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Self Evaluation and Reflection

isabell.the.polyglot's picture

Self-Evaluation and Reflection

E-Sem was one of my most enjoyable classes this semester. I liked the small size of the class because I felt like everyone was allowed a voice to speak and it provided a more comfortable environment where we actually got to know our classmates pretty well. This helped when trying to express our thoughts, as we didn’t have to be worried about messing up in front of strangers. I also liked how, at the end of the semester especially, we got comfortable enough with each other that we could disagree. I thought that confronting and questioning each other’s ideas really helped push our conversation to the next level, as we were forced to justify our beliefs and think more deeply about whatever it was that we were talking about.

I know that the class was divided into those who were more interested in talking about identity and those who were more interested in talking about the environment. I think it was obvious that I found myself as a part of the latter. I felt like in this class, I was a listener and a talker, depending on what topic we were talking about. When it was about identity, I was more of a listener and I liked to absorb information and then formulate well thought-out ideas, but when it came to the environment I had a lot of pre-existing knowledge on the subject and felt justified to talk more. I also felt like when we were talking about the environment, we were actually informing each other about whatever knowledge we had on the topic and it was a lot more productive. Of course identity is more important, but because it is such an individualistic subject, it was less defined and we often did not come to conclusions in these conversations. With the environment, I felt like the ideas were more concrete and easier to handle.

I especially enjoyed Van Jones and Latour’s articles about the environment, because they approached the topic in such interdisciplinary ways that it made me think about the environment in a different light. I always thought that the only way to solve any environmental issues was to go against how the economy was currently operating and to remodel it entirely, but Van Jones proposed the idea of working with the system and reforming it that way. With Latour, he mentioned how education was an integral part of changing how we view the environment, which I completely agree with. I definitely thought that his ideas about teaching the environment across multiple subjects (and not just the sciences) was brilliant and now I’m wondering why we don’t do that more often. In a sense, I felt like we were following Latour’s suggestions in our E-Sem class and approaching the environment in an interdisciplinary way. It was nice that we were allowed the platform to do so, but it was also sad that this was the first time I had the opportunity to do this. I keep thinking about the rest of our class that doesn’t (and probably never will) have the same opportunity, despite the fact that environmental issues affect us all equally.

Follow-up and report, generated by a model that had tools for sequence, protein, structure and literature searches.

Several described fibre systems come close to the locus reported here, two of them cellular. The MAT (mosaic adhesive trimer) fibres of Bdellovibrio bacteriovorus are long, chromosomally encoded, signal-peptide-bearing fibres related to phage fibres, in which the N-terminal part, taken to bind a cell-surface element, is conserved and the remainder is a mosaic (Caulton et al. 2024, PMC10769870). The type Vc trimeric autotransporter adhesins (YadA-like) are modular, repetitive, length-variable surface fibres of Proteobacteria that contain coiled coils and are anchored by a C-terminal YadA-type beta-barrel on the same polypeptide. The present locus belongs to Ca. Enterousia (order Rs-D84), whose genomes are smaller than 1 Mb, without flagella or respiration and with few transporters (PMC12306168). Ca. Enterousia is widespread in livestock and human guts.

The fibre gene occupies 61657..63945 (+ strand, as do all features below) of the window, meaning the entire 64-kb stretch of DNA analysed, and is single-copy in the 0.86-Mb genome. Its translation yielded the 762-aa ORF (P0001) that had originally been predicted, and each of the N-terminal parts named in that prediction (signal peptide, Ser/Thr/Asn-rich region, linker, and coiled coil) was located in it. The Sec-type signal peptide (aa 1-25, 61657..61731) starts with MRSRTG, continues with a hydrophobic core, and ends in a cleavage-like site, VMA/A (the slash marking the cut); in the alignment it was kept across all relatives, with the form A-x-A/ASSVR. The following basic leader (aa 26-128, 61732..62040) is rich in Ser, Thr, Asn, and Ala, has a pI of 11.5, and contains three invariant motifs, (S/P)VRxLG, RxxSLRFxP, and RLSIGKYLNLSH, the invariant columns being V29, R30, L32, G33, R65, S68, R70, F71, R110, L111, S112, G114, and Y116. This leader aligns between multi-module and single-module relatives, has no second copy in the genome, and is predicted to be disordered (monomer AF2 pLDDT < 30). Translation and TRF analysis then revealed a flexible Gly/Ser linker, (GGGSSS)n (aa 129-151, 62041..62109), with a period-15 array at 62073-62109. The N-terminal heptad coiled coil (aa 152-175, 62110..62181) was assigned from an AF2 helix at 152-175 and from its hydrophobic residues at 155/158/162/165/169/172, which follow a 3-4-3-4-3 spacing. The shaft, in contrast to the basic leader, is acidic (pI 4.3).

In terms of writing, I felt like the weekly essays were useful in forcing me to write consistently and to articulate my thoughts about the articles we read that week. The biweekly conferences were also extremely helpful as it was a safe space where I could work through my thoughts and ask clarification questions about issues that I was unsure about. I felt like through writing so many essays, I was able to see across the board what mistakes I was making repetitively. For example, I noticed that I have to work on my introduction paragraphs more, especially by going back to them after I finish writing my essay. I also experimented with straying from the five-paragraph essay format, which I thought was much more effective in getting my point across.

Overall, I felt like this E-Sem was the perfect fit for me and my interests, and I am definitely going to pursue some of the topics we talked about and research them a little more!